“Hebburn’s where dreams come to die”
Hebburn is the creation of stand up comedian Jason Cook, who does make a cameo style appearance in the series in the form of an old drinking friend called Ramsey. The first episode sees Manchester journalist Jack Pearson (Chris Ramsey) take Sarah, a Jewish PhD student (Kimberley Nixon) home to meet his clan in Hebburn, the couple have just married in Las Vegas, however the family think she is merely his new girlfriend.
Based on his own upbringing and experiences in the North East he has created a myriad of familiar local caricatures we can identify with, Big Keith, was walking around in his vest. It was because his shirt was in the wash. Not his best shirt, you see; his shirt. Trying to prove that every town has its cast of token characters, including salt of the earth elders, local oddballs and tarts with hearts; it’s just that the parameters of class, language and customs can differ geographically.
Starting off, the dialogue between Jack and Sarah seemed like a bit of a well-planned stand-up routine, perhaps getting these comedy gems out early was to grasp the audience’s attention and settle them in to the general vibe of the show. We journalists also got an early dig in the ribs “Are you a journalist like our Jack or do you have a proper job?” I’m sure we haven’t heard the end of the journalism jibes, but that is fair game in my opinion. It took a while for the mirth punches to settle down into a steady flow of storytelling and create a seemingly organic and observational kitchen sink style farce. They are a typical over bearing lot, but they are warm, eager to please and impress, which is quite endearing.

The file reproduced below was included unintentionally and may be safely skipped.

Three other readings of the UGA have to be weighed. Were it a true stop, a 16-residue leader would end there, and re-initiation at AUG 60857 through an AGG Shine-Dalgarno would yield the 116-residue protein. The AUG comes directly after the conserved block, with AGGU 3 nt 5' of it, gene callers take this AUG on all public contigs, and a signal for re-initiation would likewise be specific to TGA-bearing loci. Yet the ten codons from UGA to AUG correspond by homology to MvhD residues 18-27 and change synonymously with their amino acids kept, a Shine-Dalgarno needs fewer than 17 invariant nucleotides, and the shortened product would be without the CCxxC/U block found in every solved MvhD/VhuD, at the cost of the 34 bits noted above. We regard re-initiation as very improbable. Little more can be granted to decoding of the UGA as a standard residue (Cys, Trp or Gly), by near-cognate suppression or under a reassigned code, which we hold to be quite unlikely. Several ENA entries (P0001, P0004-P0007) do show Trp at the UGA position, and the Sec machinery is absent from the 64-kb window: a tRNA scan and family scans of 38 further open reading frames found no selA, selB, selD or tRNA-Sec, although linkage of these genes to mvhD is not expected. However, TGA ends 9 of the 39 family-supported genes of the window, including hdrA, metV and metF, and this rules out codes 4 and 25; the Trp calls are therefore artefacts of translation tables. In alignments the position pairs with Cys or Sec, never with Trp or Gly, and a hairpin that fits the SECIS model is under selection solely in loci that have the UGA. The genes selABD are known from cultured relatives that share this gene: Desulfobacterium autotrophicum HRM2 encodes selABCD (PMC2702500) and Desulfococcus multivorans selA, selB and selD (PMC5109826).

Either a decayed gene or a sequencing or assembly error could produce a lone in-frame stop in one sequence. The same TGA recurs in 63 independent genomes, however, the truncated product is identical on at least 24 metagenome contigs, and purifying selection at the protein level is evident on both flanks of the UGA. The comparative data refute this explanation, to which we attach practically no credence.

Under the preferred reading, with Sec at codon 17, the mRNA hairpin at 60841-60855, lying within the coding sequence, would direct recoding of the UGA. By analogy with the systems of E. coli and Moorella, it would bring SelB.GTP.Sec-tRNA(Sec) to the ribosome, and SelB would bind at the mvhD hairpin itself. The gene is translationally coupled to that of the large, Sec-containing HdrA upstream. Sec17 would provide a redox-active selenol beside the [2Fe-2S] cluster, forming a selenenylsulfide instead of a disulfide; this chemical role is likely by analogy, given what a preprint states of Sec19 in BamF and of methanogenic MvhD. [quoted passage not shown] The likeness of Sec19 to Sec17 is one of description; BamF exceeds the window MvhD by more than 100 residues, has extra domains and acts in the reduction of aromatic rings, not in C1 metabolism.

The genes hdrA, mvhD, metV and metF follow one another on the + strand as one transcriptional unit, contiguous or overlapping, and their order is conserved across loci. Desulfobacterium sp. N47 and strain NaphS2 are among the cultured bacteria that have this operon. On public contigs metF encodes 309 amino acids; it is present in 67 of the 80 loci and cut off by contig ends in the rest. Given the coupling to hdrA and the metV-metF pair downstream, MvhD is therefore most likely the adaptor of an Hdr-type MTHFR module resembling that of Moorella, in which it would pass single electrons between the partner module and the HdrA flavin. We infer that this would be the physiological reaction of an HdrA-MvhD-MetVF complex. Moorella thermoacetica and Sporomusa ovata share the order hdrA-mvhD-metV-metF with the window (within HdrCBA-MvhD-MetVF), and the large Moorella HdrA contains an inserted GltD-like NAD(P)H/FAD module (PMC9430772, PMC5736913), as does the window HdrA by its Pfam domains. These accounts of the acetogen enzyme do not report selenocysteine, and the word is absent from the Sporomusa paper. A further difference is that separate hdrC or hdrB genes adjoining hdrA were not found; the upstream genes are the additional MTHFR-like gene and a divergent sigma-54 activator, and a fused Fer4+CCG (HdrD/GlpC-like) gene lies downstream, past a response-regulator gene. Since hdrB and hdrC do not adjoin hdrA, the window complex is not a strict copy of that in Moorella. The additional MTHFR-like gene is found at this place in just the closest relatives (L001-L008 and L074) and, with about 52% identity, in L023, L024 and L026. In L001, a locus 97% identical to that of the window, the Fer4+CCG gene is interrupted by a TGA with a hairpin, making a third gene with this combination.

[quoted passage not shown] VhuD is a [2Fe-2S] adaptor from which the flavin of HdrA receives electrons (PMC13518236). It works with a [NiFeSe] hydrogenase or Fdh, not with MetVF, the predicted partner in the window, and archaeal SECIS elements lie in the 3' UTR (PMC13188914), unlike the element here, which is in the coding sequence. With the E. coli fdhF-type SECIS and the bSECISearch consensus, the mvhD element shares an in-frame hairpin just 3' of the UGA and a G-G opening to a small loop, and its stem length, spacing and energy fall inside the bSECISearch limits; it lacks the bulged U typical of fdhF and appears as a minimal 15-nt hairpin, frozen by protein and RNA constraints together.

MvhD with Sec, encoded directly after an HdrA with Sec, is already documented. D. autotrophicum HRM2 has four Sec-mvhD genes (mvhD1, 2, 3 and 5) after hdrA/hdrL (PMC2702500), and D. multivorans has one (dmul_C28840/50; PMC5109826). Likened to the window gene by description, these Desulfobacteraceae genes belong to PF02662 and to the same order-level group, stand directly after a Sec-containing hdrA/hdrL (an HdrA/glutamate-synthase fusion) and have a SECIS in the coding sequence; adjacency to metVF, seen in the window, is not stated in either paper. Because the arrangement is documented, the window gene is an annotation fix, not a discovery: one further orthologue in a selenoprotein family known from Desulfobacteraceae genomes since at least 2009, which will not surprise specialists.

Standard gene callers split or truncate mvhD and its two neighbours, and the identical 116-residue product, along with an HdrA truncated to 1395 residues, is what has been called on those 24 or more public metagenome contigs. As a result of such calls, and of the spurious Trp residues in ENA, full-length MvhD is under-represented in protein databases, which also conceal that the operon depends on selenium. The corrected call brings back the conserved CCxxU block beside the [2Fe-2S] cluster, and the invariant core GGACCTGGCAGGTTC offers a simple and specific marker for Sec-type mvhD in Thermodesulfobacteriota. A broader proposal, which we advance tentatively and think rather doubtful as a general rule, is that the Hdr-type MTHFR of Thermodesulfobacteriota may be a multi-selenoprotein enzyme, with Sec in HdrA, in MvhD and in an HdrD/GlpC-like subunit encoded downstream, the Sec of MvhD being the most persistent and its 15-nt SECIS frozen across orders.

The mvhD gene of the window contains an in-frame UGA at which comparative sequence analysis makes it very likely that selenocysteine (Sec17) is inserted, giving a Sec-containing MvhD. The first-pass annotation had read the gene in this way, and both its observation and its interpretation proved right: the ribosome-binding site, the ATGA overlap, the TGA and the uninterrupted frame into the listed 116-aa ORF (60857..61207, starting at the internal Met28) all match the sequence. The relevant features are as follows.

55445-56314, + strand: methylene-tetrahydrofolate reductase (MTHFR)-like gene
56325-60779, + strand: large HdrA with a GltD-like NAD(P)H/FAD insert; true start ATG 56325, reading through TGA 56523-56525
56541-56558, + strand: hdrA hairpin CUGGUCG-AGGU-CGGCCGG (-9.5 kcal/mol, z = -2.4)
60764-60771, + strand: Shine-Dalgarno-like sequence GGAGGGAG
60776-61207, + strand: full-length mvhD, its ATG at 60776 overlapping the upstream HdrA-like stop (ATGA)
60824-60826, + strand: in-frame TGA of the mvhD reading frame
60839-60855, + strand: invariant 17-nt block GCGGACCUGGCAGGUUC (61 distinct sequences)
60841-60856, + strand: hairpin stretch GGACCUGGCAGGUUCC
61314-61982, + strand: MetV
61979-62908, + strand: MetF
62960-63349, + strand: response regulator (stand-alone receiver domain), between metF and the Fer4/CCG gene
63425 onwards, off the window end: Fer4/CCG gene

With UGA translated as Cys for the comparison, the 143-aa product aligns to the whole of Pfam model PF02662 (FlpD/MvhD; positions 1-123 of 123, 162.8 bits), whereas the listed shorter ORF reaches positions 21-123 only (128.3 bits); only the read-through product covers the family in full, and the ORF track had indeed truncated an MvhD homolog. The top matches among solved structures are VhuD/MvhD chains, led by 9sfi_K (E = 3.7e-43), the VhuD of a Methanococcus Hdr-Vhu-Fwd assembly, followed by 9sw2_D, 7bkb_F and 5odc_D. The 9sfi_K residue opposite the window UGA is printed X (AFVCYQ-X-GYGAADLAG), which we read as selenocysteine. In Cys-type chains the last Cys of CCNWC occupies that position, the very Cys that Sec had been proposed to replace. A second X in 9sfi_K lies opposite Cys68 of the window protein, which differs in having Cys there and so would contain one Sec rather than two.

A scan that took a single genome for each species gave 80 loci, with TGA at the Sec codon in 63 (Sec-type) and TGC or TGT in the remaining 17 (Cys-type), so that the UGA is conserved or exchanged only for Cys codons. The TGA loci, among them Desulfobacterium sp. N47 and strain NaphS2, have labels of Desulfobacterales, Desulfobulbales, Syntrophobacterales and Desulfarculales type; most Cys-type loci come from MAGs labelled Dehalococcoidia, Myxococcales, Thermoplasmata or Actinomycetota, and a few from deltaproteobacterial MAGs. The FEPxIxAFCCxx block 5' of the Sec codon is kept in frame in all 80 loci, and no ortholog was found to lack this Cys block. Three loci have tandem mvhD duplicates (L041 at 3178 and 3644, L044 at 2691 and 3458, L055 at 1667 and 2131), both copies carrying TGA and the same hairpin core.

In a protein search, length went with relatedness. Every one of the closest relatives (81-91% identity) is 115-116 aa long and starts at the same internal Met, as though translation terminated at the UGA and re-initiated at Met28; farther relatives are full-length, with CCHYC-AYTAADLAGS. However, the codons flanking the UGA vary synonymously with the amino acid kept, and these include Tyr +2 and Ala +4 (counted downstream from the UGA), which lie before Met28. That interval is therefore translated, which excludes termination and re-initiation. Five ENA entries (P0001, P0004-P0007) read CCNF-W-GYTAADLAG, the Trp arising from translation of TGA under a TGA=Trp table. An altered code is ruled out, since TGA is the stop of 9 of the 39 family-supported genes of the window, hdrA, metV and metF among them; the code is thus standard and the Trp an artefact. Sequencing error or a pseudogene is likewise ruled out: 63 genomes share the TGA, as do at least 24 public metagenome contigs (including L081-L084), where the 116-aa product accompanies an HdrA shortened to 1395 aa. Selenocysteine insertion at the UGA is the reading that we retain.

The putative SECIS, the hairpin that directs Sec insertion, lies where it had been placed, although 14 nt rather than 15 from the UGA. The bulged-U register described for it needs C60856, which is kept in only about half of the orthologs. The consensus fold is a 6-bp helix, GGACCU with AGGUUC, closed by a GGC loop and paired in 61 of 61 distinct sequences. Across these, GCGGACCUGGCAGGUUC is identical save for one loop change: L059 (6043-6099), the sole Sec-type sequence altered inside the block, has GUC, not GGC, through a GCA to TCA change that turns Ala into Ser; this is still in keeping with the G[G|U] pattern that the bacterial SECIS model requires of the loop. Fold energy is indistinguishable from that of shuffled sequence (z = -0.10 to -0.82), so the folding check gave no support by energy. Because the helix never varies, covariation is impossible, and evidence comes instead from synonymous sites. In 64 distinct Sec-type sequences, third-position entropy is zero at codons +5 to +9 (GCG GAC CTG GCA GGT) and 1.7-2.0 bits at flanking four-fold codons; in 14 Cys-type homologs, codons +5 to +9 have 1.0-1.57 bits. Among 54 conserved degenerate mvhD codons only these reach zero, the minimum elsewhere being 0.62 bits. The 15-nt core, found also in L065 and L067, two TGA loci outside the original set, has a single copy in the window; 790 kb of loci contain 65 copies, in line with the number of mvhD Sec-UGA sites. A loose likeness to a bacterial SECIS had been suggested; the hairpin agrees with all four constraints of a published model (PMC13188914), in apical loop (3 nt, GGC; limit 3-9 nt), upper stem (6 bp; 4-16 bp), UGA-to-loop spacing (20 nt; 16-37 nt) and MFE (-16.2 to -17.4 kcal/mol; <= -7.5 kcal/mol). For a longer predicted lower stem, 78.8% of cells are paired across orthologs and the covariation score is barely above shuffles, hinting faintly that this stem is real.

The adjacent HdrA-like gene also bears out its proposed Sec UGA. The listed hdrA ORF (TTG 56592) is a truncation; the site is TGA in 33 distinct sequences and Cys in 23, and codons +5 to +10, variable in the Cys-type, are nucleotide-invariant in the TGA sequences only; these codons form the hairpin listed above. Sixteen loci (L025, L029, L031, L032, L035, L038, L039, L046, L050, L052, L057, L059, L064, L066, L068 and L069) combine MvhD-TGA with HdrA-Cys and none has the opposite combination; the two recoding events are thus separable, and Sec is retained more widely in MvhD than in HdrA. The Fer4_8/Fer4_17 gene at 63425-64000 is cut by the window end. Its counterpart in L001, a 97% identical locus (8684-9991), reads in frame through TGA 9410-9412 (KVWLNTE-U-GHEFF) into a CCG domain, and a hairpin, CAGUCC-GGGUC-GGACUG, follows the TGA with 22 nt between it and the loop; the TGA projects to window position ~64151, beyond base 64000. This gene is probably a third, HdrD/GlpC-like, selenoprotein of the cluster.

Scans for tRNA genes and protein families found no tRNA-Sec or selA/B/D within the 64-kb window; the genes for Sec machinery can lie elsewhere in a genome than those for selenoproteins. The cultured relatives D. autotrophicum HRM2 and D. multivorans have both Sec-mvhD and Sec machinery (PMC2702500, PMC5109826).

A strong cast is led by an understated Jim Moir (aka Mr Vic Reeves) as Joe; Jack’s father and the supremely talented Gina McKee plays his Mam Pauline. Finishing the Pearson line-up is Lisa McGrillis as sister Vicki and Pat Dunn as Dot, the wheelchair bound and inappropriately mouthed Granny. You cannot fault the acting calibre, and you do soon forget Jim Moir’s usual alter ego shenanigans. I enjoyed seeing this transition, as much as I adore Vic Reeves and everything he’s done, Hebburn really is Jim Moir’s territory.
We have a long way to go yet, but I admire Jason Cook for his boldness, it is about time we saw new writers emerge with what they know best. From my own experiences with his comedy Jason Cook is a supremely funny and down to earth guy, Hebburn won’t be everyone’s cup of tea and not everyone will identify with the premise. Yes they are Geordies, and fellow Geordies will get the joke, but it is by far not self-indulgent.
First episodes are always tricky affairs, and of course crucial to the success of a series; establishing characters, setting and tempo. The format for BBC Two’s Hebburn is far from original, a comedy about a family, this time set in a Tyneside town, pet. Giving us a hearty mix of rough diamonds somewhere between The Royal Family, Shameless and Rab C. Nesbitt, Hebburn shows comedic promise, with a little bawdy smut to wash it all down.
I urge you to watch, we are in for a bumpy ride.